[SciPy-dev] fblas tests

pearu at scipy.org pearu at scipy.org
Mon Apr 15 13:52:16 CDT 2002


Hi,

On Mon, 15 Apr 2002, eric wrote:

> The old tests were pretty much correct, though I did find one error in a strided
> array test.  I wasn't aware of the added overwrite keyword, adding it would have
> corrected all the old tests.  Still, I feel these guys are explicitly low level
> enough that overwrite should be the default behaviour.  If we want to put a
> higher level wrapper around them (such as matrix_multipy, or matmult), then that
> could default (or even only allow) copy.

So you prefer living on an edge ;)

Say, for a function foo we can have two signatures:

1)  x = foo(x,overwrite_x=1)
PLUS: it is convinient for power user not to specify overwrite_a if
in-situ change of x is allowed.
MINUS: Explicit is better than implicit. The above is implicit.
MINUS: So, if a careless/tired/etc power user defines

  def bar(x):
    x1 = foo(x)
    return x1 + x

then the result can be unpredictable: if foo increases its argument with
type 'i' by one, then we have
  bar(1) -> 3
  bar(array(1,"i")) -> 4

2) x = foo(x,overwrite_x=0)
MINUS: if in-situ change of x is desired, then user must specify
overwrite_x = 1 argument.
PLUS: if in-situ change of x is desired, then user must specify
overwrite_x = 1 argument. Explicit is better than implicit.
PLUS: Careless/tired/etc power user can safely define bar as above.

Purely because 'Explicit is better than implicit' I would prefer
default overwrite to be 0, even for low level functions such as in
fblas.
It is more typing for the developer, but later when looking the code, it
is clear what developer expected to happen. In-situ changes are not
Pythonic and therefore such things should show up explictely when used in 
Python.
Even a C developer while using Python would not assume in-situ changes
by default just because it is not Pythonic, IMHO.

Personally, I am not against intent(overwrite). But I just imagine that
intent(copy) is safer for other developers. Either they use overwrite=1
if it is really needed or they don't need to bother about setting
overwrite=0 if overwrite is not expected or desired.

And note that using overwrite_x = 1 makes sense only if you don't care
what would be the contents of x after the call. Such a situation can be
useful only for temporary variables with initially filled with input
data. You should _not_ use overwrite_x = 1 to get the same effect as if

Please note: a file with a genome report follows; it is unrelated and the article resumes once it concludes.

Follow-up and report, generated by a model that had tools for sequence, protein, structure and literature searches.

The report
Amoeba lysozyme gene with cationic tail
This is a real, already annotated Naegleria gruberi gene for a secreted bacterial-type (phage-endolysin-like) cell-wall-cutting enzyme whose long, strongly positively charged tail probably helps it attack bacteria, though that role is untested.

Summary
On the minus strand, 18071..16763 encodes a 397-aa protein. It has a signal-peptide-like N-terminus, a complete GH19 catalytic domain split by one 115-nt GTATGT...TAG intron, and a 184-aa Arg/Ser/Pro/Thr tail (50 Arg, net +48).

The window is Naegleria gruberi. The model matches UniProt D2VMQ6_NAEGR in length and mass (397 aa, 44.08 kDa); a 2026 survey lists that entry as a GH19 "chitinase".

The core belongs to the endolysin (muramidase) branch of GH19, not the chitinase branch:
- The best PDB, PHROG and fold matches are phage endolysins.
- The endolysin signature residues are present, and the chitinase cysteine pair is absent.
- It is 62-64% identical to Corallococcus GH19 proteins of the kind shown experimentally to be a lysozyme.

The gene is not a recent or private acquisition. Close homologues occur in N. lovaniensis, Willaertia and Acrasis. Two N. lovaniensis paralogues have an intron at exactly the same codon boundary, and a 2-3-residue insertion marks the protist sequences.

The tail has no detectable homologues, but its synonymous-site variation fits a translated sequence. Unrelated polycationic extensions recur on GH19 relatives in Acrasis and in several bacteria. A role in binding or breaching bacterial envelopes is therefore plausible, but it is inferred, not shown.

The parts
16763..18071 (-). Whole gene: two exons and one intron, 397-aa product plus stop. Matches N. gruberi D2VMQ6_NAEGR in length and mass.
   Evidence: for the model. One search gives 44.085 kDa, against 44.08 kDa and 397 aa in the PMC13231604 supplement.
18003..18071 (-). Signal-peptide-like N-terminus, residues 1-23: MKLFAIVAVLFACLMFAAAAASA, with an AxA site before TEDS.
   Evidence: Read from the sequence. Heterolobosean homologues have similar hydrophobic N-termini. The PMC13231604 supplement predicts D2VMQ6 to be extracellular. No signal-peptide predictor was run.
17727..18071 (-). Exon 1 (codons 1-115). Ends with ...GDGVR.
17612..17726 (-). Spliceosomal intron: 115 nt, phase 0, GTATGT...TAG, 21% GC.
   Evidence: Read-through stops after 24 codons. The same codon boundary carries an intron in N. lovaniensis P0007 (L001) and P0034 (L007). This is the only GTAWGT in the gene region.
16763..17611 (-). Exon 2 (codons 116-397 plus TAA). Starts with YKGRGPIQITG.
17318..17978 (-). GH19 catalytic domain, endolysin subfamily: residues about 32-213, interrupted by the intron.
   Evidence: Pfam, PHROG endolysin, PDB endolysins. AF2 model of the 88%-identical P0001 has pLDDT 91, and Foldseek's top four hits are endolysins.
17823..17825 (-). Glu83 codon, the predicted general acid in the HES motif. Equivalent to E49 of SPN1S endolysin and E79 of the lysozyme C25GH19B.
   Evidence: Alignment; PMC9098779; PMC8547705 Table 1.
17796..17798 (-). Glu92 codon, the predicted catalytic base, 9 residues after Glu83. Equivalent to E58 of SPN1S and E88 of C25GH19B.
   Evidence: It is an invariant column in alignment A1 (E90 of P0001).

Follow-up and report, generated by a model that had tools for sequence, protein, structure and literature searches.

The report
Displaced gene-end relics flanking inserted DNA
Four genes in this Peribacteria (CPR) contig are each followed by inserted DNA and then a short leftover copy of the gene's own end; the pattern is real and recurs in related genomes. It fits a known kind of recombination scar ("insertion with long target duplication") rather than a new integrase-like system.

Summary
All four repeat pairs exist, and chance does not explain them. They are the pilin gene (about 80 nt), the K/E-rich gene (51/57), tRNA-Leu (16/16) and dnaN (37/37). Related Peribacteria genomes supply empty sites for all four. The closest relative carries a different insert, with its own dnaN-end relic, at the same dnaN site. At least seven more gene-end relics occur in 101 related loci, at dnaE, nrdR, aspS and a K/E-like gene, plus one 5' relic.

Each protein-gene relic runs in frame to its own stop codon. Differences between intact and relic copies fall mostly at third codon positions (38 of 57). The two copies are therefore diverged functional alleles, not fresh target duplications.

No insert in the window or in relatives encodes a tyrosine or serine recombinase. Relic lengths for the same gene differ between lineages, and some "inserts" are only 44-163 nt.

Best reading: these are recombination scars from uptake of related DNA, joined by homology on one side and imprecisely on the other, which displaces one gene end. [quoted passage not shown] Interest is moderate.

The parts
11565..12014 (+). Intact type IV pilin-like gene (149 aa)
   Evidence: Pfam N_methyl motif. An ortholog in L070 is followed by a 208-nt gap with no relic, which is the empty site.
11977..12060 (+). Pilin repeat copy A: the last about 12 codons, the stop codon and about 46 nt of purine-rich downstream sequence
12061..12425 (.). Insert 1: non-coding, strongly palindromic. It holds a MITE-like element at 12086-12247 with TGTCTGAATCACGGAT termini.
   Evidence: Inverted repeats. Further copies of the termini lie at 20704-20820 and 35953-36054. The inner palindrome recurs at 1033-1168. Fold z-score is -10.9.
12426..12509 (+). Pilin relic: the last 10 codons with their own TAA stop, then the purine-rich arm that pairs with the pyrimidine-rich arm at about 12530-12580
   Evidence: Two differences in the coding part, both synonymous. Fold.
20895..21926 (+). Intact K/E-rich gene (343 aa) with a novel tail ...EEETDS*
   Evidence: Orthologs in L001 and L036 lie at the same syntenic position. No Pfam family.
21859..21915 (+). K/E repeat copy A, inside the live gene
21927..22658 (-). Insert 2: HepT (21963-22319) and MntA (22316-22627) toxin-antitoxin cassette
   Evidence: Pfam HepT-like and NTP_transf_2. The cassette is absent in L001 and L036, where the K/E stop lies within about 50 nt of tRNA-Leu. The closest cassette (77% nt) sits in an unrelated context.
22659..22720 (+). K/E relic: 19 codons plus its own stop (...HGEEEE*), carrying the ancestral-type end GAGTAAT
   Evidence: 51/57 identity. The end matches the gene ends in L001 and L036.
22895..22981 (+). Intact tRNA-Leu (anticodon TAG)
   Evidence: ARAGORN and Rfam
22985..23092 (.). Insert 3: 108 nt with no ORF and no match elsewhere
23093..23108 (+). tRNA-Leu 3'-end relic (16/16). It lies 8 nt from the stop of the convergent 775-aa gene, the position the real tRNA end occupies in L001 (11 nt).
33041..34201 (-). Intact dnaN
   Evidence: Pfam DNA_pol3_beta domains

the argument would be intent(inout). Arguments that are changed in-situ
and filled with output data, should always be defined as intent(in,out),
that is,
  x = foo(x)
is better than
  foo(x)
if x is going to be changed in-situ.
Do you agree?

> I think "power users", or at least people that understand explicitly what they
> are doing, are the only ones who will ever touch these things.

OK, let's assume only power users in what follows.
But I think even power users should write clear and explicit codes and
with a style proper to a given language.

>  They have goofy names, and were designed for use in Fortran to copy
> data from one array to another.  Preserving this behavior is pretty
> much the only way to get any useful, efficient work out of them.  

I disagree. The whole point of wrapping Fortran to Python is to make
coding easier. This includes that some technical details that can be
established from arguments in one-to-one fashion, can be hidden.
This is possible for Python types but not for Fortran or C types (think of
an array and its shape). So, coding is easier because: 1) less typing,
2) less possibility to make errors, 3) less bugs as there are some
internal checks.

So, I don't see why would one want to call a Fortran function from Python
if it would have, say, 20 arguments and consider all technical details
while the work would be the same as using Fortran directly. I would not
write Python code in this case, I would write it directly in Fortran then.

> Otherwise using pure Python will gets you reasonably close to the same
> speed.

Not true. If wrappers are used properly. The same holds for wrappers that
expose everything. Only with proper use one can have speed ups.
In the former case it takes less efford to learn proper use than in the
latter case.

> > In CVS log you also mention reverting gemv to the previous interface